Law enforcement, support groups combat human trafficking ‘hidden in plain sight’

Special Reports

NASHVILLE, Tenn. (WKRN) — Human trafficking is a multi-billion-dollar business, and it’s on the rise in Tennessee, according to law enforcement.

Maury County District Attorney Brent Cooper said the crime may be hidden in plain sight.

“You worry that there are victims out there that we’re passing on the sidewalk and don’t even know,” Cooper said.

The crime often happens through two avenues. In “boyfriending” victims are groomed to believe their trafficker is a legitimate love interest.

In the familial approach, family members traffic each other for profit.

“It’s something as a parent, I constantly worry about,” Cooper said.

The DA is all too familiar with cases like this. It is shocking to many to learn traffickers and clients come from all walks of life.

“You picture them as these real thuggish looking people, gang members or something like that,” Cooper said, “It could be the actual family members of the child.”

Cooper pointed to social media as a gateway for young children becoming more involved than ever. By the time teens wake up and realize they are being trafficked, it’s often too late.

In one Maury County case still pending in court, seven people were arrested, accused of participating in a child exploitation ring.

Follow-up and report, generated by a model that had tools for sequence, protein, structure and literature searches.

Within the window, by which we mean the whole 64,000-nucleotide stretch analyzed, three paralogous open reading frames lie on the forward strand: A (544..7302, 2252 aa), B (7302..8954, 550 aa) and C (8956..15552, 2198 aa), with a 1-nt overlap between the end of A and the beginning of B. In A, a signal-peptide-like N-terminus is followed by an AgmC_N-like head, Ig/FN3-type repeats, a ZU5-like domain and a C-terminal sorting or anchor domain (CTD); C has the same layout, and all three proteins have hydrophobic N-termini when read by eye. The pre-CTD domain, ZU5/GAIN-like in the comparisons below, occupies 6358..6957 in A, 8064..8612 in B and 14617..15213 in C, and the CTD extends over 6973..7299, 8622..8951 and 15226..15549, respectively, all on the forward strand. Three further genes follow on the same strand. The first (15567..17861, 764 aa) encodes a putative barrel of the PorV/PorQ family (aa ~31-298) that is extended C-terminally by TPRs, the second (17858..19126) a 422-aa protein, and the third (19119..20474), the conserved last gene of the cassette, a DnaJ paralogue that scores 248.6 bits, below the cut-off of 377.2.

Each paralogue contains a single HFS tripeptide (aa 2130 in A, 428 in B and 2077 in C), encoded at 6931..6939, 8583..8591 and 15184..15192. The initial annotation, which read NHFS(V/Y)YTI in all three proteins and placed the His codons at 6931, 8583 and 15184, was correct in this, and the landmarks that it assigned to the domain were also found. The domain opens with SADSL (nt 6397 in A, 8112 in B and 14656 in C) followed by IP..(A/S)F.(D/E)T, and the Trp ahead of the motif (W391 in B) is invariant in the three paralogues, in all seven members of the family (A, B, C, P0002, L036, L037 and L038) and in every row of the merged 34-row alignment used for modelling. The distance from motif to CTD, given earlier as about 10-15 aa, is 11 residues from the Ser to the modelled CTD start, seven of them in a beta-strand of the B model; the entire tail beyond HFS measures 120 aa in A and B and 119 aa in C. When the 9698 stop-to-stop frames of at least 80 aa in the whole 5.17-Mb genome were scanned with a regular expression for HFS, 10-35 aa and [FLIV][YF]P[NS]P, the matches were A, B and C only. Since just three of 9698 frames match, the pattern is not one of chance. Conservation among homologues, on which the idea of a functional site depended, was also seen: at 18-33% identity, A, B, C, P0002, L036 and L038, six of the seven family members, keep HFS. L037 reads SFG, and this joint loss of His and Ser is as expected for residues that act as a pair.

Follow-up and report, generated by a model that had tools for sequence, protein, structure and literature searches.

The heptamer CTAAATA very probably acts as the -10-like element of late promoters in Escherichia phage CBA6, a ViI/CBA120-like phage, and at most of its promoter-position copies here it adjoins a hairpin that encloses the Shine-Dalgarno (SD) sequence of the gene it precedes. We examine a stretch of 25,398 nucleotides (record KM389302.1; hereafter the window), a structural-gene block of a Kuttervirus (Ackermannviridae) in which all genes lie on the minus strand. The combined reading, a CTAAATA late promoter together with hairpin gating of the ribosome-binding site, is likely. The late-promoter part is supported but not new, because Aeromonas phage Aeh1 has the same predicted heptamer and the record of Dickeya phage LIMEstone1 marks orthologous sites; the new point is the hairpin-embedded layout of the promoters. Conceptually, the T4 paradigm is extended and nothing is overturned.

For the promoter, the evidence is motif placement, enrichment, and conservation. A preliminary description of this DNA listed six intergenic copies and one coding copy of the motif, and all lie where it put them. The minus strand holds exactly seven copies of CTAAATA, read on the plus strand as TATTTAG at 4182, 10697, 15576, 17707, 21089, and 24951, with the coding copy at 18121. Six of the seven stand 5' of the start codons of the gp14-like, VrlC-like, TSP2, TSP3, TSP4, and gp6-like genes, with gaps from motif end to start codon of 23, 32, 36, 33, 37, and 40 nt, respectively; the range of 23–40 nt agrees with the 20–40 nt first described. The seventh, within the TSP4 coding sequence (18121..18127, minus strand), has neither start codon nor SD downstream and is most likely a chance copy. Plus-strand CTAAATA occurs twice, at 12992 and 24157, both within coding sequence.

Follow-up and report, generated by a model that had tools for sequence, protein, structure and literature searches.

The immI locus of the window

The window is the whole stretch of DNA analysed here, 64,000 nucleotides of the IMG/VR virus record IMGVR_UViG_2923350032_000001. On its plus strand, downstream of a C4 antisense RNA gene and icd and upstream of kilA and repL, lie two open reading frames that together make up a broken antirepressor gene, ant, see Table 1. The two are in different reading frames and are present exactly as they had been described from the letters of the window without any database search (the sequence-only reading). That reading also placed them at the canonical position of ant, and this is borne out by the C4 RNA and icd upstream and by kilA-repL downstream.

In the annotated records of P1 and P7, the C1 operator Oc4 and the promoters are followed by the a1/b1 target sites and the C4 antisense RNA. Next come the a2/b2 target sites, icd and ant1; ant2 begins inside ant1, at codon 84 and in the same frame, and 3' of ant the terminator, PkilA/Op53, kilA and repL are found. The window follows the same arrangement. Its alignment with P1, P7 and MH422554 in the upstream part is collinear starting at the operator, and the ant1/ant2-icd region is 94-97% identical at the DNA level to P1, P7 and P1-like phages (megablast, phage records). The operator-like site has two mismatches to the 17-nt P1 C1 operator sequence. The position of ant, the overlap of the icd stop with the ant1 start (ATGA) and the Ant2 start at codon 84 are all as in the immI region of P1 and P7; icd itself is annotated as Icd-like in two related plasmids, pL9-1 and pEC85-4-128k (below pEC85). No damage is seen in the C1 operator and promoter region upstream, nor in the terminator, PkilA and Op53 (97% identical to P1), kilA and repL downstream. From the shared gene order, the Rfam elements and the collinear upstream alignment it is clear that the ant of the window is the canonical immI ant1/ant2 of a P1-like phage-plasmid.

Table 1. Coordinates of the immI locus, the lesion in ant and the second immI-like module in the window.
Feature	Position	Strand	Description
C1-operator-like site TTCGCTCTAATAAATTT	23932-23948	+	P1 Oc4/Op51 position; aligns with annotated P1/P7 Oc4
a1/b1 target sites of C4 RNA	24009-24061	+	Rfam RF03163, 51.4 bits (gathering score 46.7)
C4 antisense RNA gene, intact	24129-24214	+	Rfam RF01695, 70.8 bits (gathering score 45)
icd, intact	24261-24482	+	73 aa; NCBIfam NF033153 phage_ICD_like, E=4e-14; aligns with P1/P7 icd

“You had a teenage girl, she was being sexually abused by multiple people,” Cooper remembered, “It was being videod, they were sharing those videos with other pedophiles online.”

Investigators busted the group after finding the images on social media. At least one of the victims pictured was identified by the National Center for Missing and Exploited Children.

The average age of those who do make it out of human trafficking is 27 years old.

“It is more pervasive than anyone would believe or imagine,” Rest Stop Ministries Founder Rondy Smith said.

Rest Stop is the first of its kind in Tennessee, providing a home for adult women recovering from trauma.

“If you will come and do the hard work of healing, we will take care of your every need for two full years,” Smith promised.

Graduates learn life skills, including how to run a household and earn a living wage.

On average, Rest Stop removes nearly $2 million in profit from the multi-billion dollar trafficking industry.

“I want to be able to say to anyone listening, ‘There’s a way out,’” Smith said, “The Tennessee Human Trafficking Hotline will help get you out. There are people like Rest Stop Ministries who are standing by waiting to serve you and help you restore.”

If you are being trafficked or know someone who is, call Tennessee’s Human Trafficking Hotline at 1-855-558-6484.

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